Columbia finds spotlight behind the scenes



Brian Posen, an adjunct professor, was placed on the Newcity list for his work as the artistic director of Stage 773 and the executive producer of Chicago SketchFest.

By Campus Reporter

Several Columbia faculty members and alumni were honored last month by a local publication for their work behind the scenes of Chicago’s performance community.

Newcity, a Chicago-based arts and culture publication, released its annual “Players 2015: The Fifty People Who Really Perform for Chicago,” on Jan. 22. Among the honorees were six current campus community members: trustee Andrew Alexander; alumnus and adjunct in the Theatre Department Brian Posen; Chair of the Dance Department Onye Ozuzu and alumni Anna Shapiro, Michael Weber and Heather Hartley, according to an emailed statement from Cara Birch, public relations manager in the Public Relations Department.

The list alternates each year between focusing on performers and, as is the case this year, the people who work behind the scenes, said Newcity’s editor and publisher Brian Hieggelke. 

Hieggelke said Newcity’s editorial team takes suggestions from critics and other industry professionals to compile a list that is representative of Chicago’s theater, opera, comedy and dance communities. 

“[Making] the list tends to mean something,” Hieggelke said.

Ozuzu, who also made the list in 2013, said she was pleasantly surprised to be honored again. She said she attributes a great deal of her recognition to her faculty and staff within the Dance Department.

“My team has been working hard with me to really think in innovative, new and out-of-the-box ways about the direction that dance is going, what kind of cultural practice we want our students to be involved with in the city and how to keep the Dance Center and Columbia at the leading edge of performance” she said. “We’ve been out there trying and experimenting with new things, and it hasn’t gone unnoticed.”

Posen, who also teaches at The Second City, was placed on the list for his work with Stage 773 and Chicago SketchFest. He said he was humbled to be listed among such notable names.

For him, “performing for Chicago” means creating opportunities for local artists to grow, he said.

“I do things that make Chicago [better],” Posen said. “Everything I do serves the community and the artistic community in some way.”

Ozuzu said she believes the phrase “performing for Chicago” is expanding readers’ understanding of where performance happens.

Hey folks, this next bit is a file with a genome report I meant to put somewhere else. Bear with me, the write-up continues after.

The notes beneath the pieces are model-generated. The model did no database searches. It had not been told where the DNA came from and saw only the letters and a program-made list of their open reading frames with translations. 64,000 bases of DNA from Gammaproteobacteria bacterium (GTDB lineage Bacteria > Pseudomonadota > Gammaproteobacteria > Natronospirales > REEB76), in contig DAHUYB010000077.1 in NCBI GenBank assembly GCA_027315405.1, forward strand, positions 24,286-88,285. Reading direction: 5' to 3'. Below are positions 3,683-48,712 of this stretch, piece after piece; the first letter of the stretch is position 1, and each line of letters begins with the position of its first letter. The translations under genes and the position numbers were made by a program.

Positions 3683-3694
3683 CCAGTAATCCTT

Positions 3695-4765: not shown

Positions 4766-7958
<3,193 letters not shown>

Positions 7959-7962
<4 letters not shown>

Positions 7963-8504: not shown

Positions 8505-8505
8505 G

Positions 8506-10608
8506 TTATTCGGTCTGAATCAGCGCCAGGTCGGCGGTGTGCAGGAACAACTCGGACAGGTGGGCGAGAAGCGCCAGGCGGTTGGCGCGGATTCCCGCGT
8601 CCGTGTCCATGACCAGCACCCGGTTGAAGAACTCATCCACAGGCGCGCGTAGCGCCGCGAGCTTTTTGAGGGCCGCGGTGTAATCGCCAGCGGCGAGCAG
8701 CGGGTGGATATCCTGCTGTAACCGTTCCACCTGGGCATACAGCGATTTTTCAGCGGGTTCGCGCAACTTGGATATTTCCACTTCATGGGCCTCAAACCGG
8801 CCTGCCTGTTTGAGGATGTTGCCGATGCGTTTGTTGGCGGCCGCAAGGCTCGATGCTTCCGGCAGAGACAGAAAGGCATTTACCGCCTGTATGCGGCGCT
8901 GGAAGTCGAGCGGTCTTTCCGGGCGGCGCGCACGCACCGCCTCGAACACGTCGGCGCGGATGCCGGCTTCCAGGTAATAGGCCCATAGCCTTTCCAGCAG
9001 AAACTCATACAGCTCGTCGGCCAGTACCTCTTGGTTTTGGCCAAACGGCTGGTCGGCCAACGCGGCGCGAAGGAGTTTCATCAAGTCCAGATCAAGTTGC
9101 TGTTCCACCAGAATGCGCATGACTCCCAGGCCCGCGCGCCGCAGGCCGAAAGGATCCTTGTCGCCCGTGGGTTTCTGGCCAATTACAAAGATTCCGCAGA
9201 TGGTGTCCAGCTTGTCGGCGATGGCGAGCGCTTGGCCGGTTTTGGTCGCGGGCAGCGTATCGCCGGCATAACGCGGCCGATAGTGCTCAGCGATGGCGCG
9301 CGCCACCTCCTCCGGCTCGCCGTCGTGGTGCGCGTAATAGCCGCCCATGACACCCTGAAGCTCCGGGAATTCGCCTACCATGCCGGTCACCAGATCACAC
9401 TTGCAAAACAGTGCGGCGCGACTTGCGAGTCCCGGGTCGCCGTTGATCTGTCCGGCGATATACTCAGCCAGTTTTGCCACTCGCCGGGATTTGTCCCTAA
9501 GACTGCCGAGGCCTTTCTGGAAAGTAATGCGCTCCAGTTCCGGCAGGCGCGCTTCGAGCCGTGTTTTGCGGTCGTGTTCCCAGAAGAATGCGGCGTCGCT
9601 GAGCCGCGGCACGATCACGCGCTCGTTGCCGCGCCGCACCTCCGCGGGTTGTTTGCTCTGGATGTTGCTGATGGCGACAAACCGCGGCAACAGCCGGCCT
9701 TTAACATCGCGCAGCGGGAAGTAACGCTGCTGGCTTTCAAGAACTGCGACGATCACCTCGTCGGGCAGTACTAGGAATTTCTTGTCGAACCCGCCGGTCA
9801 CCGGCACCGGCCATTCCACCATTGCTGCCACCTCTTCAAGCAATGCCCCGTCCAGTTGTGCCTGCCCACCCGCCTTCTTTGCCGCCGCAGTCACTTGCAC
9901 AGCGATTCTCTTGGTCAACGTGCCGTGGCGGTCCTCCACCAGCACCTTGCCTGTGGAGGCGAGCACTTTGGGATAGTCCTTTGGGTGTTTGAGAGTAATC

“The list helps us understand that the performance that happens on stage is just the tip of the iceberg of a whole infrastructure of performances that are happening every day in offices, around meeting tables, in telephone call conversations [and] in emails,” Ozuzu said.

Posen said several Columbians made the list because of the college’s strong connections to the local theater community.

“So much of the college is inviting working professionals in to teach,” Posen said. “As long as we still hold on to that mindset, we accumulate some of the greatest minds and talents that are relevant now, that are working now [and] that are changing the world.”

Hieggelke said because the college is arts-based, it normally has some connection to this list as well as other lists published by Newcity throughout the year.

Hartley, a 2007 alumna of the Interdisciplinary Arts graduate program, was placed on the list because of her role as the executive director of Audience Architects, a dance service organization in Chicago.

Hartley, who began her career as a performer, said she also enjoys the administrative side of performance and it was validating to be honored.

“You need to enjoy the not-as-loudly applauded but also important and meaningful work of being an arts administrator,” Hartley said. “It’s hard work, just as the other side of the equation is.”

In addition to the artists on stage, Ozuzu said it is important to shine the spotlight on the people who work behind the scenes because performance is a collaboration of the two worlds.

“That polished, finished product on the stage is the result of a lot of creativity, effort and human endeavor,” Ozuzu said. “That’s why it’s important to shine a light on [the workers]. It speaks to a lot of what Columbia does, which is not only prepare students to fulfill their dreams, but to fill the entire iceberg—to prepare students to fill the whole infrastructure.”